Green hydrogen: we need to discuss the elephant in the room. There is a consensus that green H2 is needed to help decarbonise a wide range of sectors, but little consideration has been given to the amount of renewable power that would be required. It’s time to get serious about green hydrogen. And being serious requires a hard look at the facts. Green H2 — produced from renewable energy — is a clean-burning fuel that can be used for long-term energy storage and to help decarbonise transport, heating and industrial processes such as steel and cement making. It can even be combined with captured CO2 to produce carbon-neutral aviation fuel. A consensus has therefore emerged that the world cannot be fully decarbonised in the long term without green hydrogen. However, there is an elephant in the room that must be addressed — producing the vast quantities of green H2 that the world will need would require an absolutely massive amount of renewable energy. According to the International Renewable Energy Agency (Irena), the world will need 19 exajoules of green hydrogen in the energy system in 2050 — between 133.8 million and 158.3 million tonnes a year. Recharge calculations show that producing such a volume would require at least 6,690TWh of dedicated electricity every year — the equivalent of 1,775GW of offshore wind farms, 2,243GW of onshore wind, 4,240GW of solar PV or 957GW of nuclear power (see panel below for details) To put this in perspective, at the end of 2018, the world had installed 540.4GW of onshore wind, 23.4GW of offshore wind, 480.4GW of solar PV and 397GW of operating nuclear reactors, according to Irena and the World Nuclear Association. And virtually all of this capacity is being used to generate electricity, not green hydrogen. Annual growth rates for wind and solar are increasing, but nowhere near fast enough for the world to be in line with Paris Agreement goals. Terawatts of renewable energy will be needed to produce green hydrogen, but that seems secondary to the demand from the rapidly growing electricity sector, which needs to decarbonise while simultaneously powering ever larger shares of the heating and transport sectors.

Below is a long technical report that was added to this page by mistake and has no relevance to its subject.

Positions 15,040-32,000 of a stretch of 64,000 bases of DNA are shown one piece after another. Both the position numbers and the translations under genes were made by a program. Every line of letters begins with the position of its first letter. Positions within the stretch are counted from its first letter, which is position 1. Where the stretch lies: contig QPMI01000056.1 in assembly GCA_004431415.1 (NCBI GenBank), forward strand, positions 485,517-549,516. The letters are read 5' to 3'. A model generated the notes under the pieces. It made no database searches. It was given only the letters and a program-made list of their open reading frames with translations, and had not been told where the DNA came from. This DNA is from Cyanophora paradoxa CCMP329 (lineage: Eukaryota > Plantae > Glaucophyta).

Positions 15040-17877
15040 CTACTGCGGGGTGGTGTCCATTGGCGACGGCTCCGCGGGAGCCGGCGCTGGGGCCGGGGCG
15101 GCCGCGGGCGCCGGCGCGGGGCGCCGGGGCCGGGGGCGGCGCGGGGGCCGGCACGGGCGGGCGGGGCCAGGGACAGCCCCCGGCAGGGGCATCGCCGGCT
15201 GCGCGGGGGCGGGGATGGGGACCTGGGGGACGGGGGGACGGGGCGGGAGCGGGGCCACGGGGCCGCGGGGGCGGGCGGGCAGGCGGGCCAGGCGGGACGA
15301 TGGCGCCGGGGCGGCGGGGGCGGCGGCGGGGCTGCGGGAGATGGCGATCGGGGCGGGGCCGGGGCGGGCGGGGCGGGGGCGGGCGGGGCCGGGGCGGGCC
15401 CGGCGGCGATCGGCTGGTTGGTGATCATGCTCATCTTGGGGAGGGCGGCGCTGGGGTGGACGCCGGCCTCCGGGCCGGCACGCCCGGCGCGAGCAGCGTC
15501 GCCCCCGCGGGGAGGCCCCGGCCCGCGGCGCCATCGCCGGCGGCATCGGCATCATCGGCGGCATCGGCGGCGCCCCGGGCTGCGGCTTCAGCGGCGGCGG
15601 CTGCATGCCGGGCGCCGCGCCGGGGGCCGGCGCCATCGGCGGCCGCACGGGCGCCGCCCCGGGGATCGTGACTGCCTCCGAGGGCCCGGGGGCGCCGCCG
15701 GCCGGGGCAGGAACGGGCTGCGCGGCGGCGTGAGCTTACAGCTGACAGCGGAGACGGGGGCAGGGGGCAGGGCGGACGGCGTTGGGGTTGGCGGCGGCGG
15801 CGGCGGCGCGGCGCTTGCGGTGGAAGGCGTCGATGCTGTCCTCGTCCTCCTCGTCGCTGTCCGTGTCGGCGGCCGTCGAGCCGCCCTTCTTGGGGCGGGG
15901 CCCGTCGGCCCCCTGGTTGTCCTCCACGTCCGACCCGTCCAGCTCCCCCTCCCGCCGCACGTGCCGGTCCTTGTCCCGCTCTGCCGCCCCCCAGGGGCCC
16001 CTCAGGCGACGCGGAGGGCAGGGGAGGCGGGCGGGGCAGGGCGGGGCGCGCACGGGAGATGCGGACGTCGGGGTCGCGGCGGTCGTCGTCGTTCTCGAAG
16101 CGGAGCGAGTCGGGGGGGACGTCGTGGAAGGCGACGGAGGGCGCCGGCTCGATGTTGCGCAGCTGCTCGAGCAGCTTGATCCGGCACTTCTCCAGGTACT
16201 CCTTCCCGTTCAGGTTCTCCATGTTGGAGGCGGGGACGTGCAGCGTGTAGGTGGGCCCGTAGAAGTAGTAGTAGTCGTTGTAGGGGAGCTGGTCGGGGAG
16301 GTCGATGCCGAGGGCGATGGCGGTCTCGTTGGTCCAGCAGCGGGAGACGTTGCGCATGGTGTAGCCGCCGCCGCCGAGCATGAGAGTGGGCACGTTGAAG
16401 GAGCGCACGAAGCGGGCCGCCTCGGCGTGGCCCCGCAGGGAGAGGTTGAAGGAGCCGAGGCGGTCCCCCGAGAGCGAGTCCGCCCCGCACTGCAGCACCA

Recharge News 19th March 2020 read more »
North West Energy & Hydrogen Cluster unveils roadmap to drive low carbon skills development in the region, as Australian mining giants debut green hydrogen consortium. Two new projects on opposite sides of the world have this week taken a step forward in their attempts to accelerate the development of a global green hydrogen industry. Yesterday the North West Energy & Hydrogen Cluster published a new skills roadmap, designed to highlight where skills gaps exist and where investment is needed.
Business Green 20th March 2020 read more »